US 391873 A
Description (OCR text may contain errors)
a sheets-sheet 41.
(No Model.) V
t W. B. ALLINGTON.
No. 891.878. Patented out. 8o, 1888.
3 Sheets-Sheet 2.
(No Moae1-) y I W. E. ALLINGTON-l -FURNAGE FEEDER. No. 391,873. Patented 001;. 30,1888.
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-vilNiTnn STATES PATENT @Trina YVILLlAM E. ALLINGTON, OF EAST SAGINAW, MCHIGAN.
PE-CIFICATTL'ON forming part of Letters Patent No. 391,873, dated October 30, 1888.
Application tiled May 26, i888. Serial No. 275,222. (No medei.)
To @ZZ whom z may concern:
vBe it known that I, WILLIAM E. ALLTNG TON, a citizen of the United States, residing at lCast Saginaw, in the county of Saginaw and State of Michigan, have invented certain new and useful Improvements in FurnaeeFeeders; and I do hereby declare the following to be a full, clear, and exact description of the invention, such as will enable others skilled in the art to which it appertains to make and use the same.
My invention relates to that class of apparatus which is employed in connection with planing-inaclxi1ies, in lumber-mills, and similar wood-working establishments for feeding shaviugs, sawdust, and similar solid particles to furnaces, where they are consumed as fuel for generating steam to drive the machinery connected with the boilers of said furnaces, and I preferably employ the same in connection with a superposed collector or separatiiig-chamber for separating sawdust, shavings, 85o., from the air ofthe class in which the air laden with the solid particles receives a rapid rotating or whirling motion in the separating-chamber, whereby the solid particles are driven out of the air-current and against the inner surface of said sclixarating chamber by centrifugal force.
`My invention consists of certain novel constructions and combinations or arrangements of parts by means of which, first, the blast of air passing through the feeder-pipesand separator from the fan, however powerful, is under complete control; second, the danger from fire by back-pressure or accumulation of fuel in the pipes is entirely avoided; third, the pipenozzles can be quickly and easily moved out of the way when access to the furnaces or doors is desired; and it consists, further, in the construction and combination of parts which are accessorial in the obtainment of the results named, as hereinafter disclosed in the descrip tion, drawings, and claims.
The objects of my invention are to provide the feeder-pipes which convey the fuel from the collector or separator to the furnace and storage-vault with adjustable dividing-valves for directing and controlling the ilow of fuel into said furnace or vault; to construct said pipes in such manner that quick and easy access to the furnace may be had at all times; to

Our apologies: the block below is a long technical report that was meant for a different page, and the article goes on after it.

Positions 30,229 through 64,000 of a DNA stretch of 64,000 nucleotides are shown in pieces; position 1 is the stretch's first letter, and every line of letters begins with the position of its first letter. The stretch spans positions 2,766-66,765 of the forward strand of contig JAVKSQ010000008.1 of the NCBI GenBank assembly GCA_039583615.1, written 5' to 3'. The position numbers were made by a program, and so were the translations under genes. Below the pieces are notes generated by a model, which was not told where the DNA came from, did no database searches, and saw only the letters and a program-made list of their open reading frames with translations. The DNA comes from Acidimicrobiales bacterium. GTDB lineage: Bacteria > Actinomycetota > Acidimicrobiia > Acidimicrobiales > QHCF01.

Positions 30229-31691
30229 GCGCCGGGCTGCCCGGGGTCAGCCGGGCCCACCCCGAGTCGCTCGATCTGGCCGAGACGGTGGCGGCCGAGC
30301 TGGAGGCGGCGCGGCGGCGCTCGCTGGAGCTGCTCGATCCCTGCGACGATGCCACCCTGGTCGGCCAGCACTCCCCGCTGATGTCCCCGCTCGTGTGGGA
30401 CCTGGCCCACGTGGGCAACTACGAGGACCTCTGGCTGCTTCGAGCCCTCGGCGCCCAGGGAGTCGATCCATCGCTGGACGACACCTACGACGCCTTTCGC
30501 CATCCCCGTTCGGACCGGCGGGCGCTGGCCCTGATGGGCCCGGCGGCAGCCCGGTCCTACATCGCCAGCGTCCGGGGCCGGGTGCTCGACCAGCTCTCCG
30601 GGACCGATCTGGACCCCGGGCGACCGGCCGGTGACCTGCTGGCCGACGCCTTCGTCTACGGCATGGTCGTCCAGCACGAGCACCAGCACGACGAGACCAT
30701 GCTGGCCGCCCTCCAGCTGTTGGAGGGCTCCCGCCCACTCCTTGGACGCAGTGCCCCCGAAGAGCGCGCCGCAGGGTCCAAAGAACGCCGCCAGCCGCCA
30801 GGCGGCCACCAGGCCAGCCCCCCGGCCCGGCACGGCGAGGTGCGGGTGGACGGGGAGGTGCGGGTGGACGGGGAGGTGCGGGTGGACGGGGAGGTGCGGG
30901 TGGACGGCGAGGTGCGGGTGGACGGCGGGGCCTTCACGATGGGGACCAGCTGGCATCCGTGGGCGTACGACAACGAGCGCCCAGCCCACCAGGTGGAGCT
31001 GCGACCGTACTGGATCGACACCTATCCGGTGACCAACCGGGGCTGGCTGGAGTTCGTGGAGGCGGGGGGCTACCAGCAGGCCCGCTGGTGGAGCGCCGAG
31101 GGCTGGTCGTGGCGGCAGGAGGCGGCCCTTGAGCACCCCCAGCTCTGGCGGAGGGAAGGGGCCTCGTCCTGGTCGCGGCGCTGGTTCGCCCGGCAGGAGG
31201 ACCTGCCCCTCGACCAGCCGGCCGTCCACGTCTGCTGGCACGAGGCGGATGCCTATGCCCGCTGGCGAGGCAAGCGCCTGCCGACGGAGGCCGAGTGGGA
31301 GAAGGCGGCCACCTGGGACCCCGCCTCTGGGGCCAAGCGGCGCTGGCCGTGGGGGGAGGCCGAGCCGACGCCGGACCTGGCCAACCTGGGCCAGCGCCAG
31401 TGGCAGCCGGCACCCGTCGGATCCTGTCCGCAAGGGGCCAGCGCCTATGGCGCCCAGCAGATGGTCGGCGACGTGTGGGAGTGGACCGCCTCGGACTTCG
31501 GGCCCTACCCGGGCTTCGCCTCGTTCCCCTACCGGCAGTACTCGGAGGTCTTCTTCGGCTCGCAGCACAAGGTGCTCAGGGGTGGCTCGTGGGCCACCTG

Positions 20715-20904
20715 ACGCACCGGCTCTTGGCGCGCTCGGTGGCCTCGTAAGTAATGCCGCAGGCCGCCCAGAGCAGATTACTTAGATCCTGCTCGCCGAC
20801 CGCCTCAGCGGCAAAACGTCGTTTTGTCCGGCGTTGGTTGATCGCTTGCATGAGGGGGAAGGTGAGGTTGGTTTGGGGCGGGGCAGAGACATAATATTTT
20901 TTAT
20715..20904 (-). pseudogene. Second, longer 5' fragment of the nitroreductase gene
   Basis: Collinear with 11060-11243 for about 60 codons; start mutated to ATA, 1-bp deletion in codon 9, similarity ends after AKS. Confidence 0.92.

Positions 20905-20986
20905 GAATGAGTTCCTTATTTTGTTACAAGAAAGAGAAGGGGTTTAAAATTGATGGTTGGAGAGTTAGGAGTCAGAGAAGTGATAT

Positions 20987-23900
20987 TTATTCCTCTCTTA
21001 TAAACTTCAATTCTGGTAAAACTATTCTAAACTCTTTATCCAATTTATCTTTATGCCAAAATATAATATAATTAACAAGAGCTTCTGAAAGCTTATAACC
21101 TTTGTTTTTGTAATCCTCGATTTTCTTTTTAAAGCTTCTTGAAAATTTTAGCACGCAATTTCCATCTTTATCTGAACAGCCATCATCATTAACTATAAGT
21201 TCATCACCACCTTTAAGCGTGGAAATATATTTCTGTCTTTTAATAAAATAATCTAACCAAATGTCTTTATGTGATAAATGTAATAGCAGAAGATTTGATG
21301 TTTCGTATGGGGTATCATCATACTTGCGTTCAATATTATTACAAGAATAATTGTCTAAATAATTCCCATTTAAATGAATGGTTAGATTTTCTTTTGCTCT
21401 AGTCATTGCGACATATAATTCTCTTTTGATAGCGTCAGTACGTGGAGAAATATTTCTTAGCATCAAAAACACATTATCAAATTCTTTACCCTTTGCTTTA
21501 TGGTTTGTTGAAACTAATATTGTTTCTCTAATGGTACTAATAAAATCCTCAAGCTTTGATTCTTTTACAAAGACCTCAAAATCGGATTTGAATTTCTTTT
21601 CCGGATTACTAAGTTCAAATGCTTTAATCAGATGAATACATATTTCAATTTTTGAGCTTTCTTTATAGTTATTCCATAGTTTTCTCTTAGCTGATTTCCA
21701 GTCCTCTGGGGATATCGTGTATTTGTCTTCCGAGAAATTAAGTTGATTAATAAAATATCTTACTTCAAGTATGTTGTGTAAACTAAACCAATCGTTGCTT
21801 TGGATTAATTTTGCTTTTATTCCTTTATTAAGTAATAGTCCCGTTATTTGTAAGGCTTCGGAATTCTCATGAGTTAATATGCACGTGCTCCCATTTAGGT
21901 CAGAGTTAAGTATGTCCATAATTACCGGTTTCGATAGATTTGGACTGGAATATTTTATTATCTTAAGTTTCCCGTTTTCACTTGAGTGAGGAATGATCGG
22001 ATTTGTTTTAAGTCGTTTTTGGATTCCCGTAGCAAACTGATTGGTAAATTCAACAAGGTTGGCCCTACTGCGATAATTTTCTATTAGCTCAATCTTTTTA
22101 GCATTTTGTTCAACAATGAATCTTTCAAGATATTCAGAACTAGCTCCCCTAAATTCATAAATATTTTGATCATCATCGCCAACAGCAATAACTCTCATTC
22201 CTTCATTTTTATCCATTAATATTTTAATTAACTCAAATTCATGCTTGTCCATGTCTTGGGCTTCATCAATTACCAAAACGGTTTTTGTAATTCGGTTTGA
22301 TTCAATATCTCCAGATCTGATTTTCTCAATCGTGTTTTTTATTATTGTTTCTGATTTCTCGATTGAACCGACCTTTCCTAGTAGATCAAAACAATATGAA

provide said pipes with automatic safetyvalves for allowing` any fuel which may escape past the lower dividing-valve when closed to pass out at said safety-valves, and thus prevent the fuel from accumulating in said pipes and finally taking fire, and to provide the hopper of the fucllseparator with :an adjustable damper for regulating the force of the blast carrying the fuel and with means for breaking up or dissipating the whirling motion of the air and fuel therein.
In the accompanying drawings, which form a part of this specification, and in which the saine numerals of reference indicate the same or corresponding parts in all the figures, Figure l represents a front elevation of two boiler'- furnaces provided with my invention,the lower portion of the hopper of the collector or separator being shown above as connected to the piping leading to said furnaces, the pipe eX- tending to the storage vault or chamber being broken away; Fig. 2, a side elevation, partly in section, of the feeder-pipes anda portion of the furnace and the storage vault or chamber; Fig. 8, a vertical section of a part of the collector or separator with the upperesd of the main feeder pipe or conduit attached to the lower end of the hopper; Fig. 4, a vertical section of the pipe in the bottom of the separator provided with a modified form of valve or damper; and Fig. 5, an enlarged section of 4a portion of the hinged nozzle, showing the counterbalanced safety-valve and the escape-aperture.
In the drawings, the numeral l represents a dust or fuel separator, which may be of any suitable construction otherwise than inthe following particulars: It consists of a separatiu gchamber, 2, having a suitable inlet-opening, 3; of a bottom, 1, formed with one or more discharge apertures or slots, 5, and with a central aperture in which is secured a short pipe, 6, or said bottom nay have a plain central aperture 0r a long pipe, if desired; ot' a hopper, 7, secured below the bottom of the separatingchamber, and of a wing, 8, hinged with its inner edge to the inside of said hopper and provided with a cord or wire, 9, passing through small holes in the hopper and to the outside for tilting or raising the outer edge of said wing more or less from the inside of the hopper. rllhe use or purpose of the wing just IOO named is to break up or dissipate the whirling or gyrating motion of the air and material in the hopper and to assist in regulating the force and amount of air required to feed the fuel from thelower end of said hopper th rough the feeder-pipes and into the furnaces. Vhen a strong air blast is required to feed the fuel from the hopper, the free or outer edge cfs-aid wing is moved inward or toward the center of the hopper, which will destroy the whirling motion of the air and fuel and effect their proper discharge.